Here’s a puzzle: what’s wrong with Slavoj Zizek’s argument for censorship?
I like censorship, but what kind of censorship? Not ‘the office, you get imprisoned,’ but censorship which is a measure of cultural standards. What do I mean by this? For example, I wouldn’t like to live in a society where you argue against rape. You know, this reminds me of Ronald Reagan, you remember one of his legendary stories is that once he said when he was accused of tolerating holocaust denial, he said: “No, it’s not true! Whenever, at my dinner table, there are people who deny the holocaust, I strongly oppose them.” Well, the question being, ‘what kind of friends, yes?’ Yes, all the time oppose them!
But my point is that it’s the same with… you know, I like to live in a society where you don’t have to argue why rape is prohibited; why rape shouldn’t be allowed. I would like to live in a society where when somebody, in any way, tolerates rape, it’s simply—how would you put this—disqualifies himself, is perceived as either dangerous or ridiculous. This is what I mean by censorship, that it’s inadmissible, and we shouldn’t be afraid of it. And the sad thing is that in Europe, the standards for what is publicly admissible are falling lower, and lower, and lower. Things at the level of racism and so on, which 20, 30 years ago simply were not possible, are today tolerated and accepted.
The answer is only this: he’s on the wrong side.
Conservatives outnumber liberals in the United States, meaning that cultural norms for censorship (which are always democratic in nature) will be firmly against anything that smacks of Marxism or Communism. In extreme cases, they will oppose even things which seem too intellectual, because to the layman, they appear untrustworthy.
Even if immigration eventually makes democrats outnumber republicans, the essential psychological breakdown will not have changed, because immigrants side with the democrats for personal benefits, not out of ideological loyalty. Hispanic Catholics and Muslim Africans may be fiscally liberal, but are socially conservative. Perhaps more importantly, they are functionally low in verbal intelligence as a group, due to language barriers, and this correlates with supporting political censorship.
What is most ironic about this support for cultural censorship is how conservative it is in its psychology. The leftist mind is open to experience, while the conservative mind is characterized by conscientiousness. Thus censorship–which establishes the stability in a society that Zizek alludes to, in which we do not have to constantly answer for established principles–will always work to the benefit of conservatives, and at the cost of liberals.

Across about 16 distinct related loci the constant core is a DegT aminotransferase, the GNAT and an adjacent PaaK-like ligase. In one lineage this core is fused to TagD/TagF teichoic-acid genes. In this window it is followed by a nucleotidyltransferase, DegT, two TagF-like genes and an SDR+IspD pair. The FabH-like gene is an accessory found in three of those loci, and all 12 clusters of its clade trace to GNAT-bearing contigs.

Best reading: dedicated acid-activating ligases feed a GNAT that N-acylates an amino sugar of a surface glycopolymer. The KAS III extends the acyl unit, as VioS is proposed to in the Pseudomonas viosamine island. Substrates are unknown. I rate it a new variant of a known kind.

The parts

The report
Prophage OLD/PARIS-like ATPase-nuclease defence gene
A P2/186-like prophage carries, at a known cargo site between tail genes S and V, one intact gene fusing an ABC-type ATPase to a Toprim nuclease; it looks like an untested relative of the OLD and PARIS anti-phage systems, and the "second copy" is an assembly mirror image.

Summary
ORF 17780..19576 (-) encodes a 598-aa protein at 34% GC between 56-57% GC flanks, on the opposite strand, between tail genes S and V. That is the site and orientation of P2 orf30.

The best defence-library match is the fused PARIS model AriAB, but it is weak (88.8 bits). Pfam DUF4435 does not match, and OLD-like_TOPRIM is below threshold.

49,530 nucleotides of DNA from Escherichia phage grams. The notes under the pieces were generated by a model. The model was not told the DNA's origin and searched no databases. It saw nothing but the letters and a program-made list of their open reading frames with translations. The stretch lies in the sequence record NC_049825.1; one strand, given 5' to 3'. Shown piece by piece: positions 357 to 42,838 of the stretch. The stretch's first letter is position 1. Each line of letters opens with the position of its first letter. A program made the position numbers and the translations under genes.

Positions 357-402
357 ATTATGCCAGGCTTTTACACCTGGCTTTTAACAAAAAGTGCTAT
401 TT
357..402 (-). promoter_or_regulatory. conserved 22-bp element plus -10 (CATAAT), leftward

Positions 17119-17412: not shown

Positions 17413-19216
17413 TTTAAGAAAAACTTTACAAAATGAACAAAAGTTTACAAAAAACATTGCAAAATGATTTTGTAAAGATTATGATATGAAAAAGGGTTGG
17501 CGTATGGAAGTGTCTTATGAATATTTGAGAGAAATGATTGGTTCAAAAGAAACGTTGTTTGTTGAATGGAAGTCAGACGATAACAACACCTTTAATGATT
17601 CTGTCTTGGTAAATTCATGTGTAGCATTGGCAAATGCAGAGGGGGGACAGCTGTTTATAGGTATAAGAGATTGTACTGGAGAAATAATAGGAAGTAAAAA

Perhaps more accurately, censorship solidifies a paradigm, while free speech opens the paradigm to criticism. Even if this criticism is answered, the energy and effort of answering it is a burden that detracts from the defenders’ ability to focus on other tasks in their society. Rather than focusing on the finer details of, say, property law, within the confines of an established legal paradigm, we have to yet again go over whether or not the very concept of property is legitimate.
Or whether or not rape is okay.
If such challenges are taken remotely seriously, then the entire structure of society rocks back and forth in an ongoing, low-grade earthquake. How high can it be built? How long can it even stand?
The only reason that free speech is plausibly defensible is that it can, sometimes, be used to identify flaws in the structure itself–not to exploit for demolition, but to strengthen the structure. The argument presumes that the harm that can be prevented through this speech is greater than the harm imposed by its existence. It also presumes a kind of socio-cultural coherence which Zizek alludes to. This coherence, Zizek and other leftists attack, as “racism” and “xenophobia,” despite being a necessary condition for the sort of society Zizek desires to live in.
What, then, should be done? Logically, the thing to do would be to establish support for free speech as a cultural metric for censorship: if you oppose free speech, then you are “dangerous or ridiculous.”
Whether or not this itself constitutes a paradox, I leave to the contemplation of the leftists advocating for repressive tolerance 2.0, as “cultural censorship.” Indeed, they would escape the seeming contradiction by advocating against free speech, rather than for it. I think, however, that they know as well as we do how that would turn out for them, were it accepted by everyone at the same time. They have the cities and the universities in their ideological grasp, but that is not nearly enough of a lead to win the censorship war that they are hell-bent on sparking.
For my part, I am this close to throwing up my hands and putting my redactor’s warpaint on. It seems as though protecting the value of free speech may require tightening the restrictions on the speech of those who do not share that value. Whether this is the more slippery slope to step on than allowing the left to maintain the reigns of cultural censorship, I do not know.
It certainly looks like a shallower angle though.